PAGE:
Those with deep pockets (around $80 from memory) were able to head up for a chopper ride to get a bird’s eye view of the event, while many others found themselves buried in the crowds soaking up the live music, although more on that later.
You’ve probably heard the name Deni before, but might not be familiar with Deniliquin itself. There’s around 8,000 full time residents, although for one weekend a year that number swells to around 30,000. But that’s not what makes this area so special. It’s on the intersection of trade between Melbourne, Sydney, and Brisbane, so for the better part of 170 years has been a vibrant hub of business and agriculture. The town itself is on the edge of the Riverina Plains, the flattest plains in the world that rival even the iconic steppes of Mongolia. The land was run by cattlemen, bandits, farmers and early explorers. Even William Wills from the famous Burke and Wills expedition cut his teeth at a sheep station just outside Deniliquin. The result is a little town on the edge of the outback, full of fair-dinkum wild west history complete with river boats, vigilante justice, WWI and WWII facilities, and some of the best music festivals either side of the black stump.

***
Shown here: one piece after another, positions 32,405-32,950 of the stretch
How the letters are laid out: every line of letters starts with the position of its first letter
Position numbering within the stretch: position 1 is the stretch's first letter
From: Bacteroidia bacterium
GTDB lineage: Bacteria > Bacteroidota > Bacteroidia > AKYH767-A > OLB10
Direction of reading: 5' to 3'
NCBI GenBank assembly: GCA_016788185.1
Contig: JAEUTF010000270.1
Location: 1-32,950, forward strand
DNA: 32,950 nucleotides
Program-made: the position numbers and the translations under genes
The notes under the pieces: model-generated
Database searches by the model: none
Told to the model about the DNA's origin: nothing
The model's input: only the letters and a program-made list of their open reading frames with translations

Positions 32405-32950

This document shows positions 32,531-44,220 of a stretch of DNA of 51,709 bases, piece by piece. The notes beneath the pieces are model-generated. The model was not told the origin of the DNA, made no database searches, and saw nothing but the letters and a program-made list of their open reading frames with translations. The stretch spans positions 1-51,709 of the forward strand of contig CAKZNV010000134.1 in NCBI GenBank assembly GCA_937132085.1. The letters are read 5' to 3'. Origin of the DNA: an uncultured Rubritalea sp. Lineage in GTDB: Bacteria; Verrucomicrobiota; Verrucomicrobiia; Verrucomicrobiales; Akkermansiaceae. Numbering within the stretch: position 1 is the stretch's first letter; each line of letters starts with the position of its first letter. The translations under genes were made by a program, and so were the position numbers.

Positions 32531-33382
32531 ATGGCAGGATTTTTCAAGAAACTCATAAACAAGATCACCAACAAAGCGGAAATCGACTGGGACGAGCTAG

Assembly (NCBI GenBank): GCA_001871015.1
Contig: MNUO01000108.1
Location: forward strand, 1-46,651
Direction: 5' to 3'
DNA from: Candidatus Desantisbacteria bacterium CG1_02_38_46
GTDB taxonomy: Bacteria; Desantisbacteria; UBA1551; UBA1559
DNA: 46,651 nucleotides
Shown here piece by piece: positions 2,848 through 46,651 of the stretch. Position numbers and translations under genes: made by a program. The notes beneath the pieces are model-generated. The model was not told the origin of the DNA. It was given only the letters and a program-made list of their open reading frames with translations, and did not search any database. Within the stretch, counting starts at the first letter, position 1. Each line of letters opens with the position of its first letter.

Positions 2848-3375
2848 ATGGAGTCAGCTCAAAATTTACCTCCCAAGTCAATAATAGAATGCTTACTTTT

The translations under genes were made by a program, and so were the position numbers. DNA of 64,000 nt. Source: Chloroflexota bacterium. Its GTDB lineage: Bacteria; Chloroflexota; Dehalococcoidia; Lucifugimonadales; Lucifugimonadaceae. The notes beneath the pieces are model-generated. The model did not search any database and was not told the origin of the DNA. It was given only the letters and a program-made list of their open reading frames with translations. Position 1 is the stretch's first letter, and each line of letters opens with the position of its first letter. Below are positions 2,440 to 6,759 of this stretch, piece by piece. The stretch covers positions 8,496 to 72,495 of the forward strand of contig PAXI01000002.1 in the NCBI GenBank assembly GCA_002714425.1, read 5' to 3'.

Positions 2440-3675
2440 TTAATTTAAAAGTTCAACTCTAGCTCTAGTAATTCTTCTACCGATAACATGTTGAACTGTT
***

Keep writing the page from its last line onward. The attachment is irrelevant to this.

The tickets to the Deni Ute Muster cover camping fees for all three nights, with plenty of room to spread out your camper, but if you’re keen to immerse yourself in country life there’s no shortage of new and historic places to lay your head at night in town, and plenty of places for a feed after a swim in the rivers.
You’ve probably seen beat-ups in the Daily Telegraph bemoaning the bogan element, and that’s because they’re idiots. The reality is there are still the wild party seekers having the time of their lives, but they self-segregate themselves in the ute paddock and are some of the most polite and respectful yobbos I’ve ever done shoeys with. The result is the wild days of Deni are still there if you go looking for them, but the overwhelming majority of spectators are families young and old. There’s a diverse mix of country and city folk too with seasoned Deni veterans right through to first timers keen for their first visit. If you’ve got a heartbeat you’ll fit right in.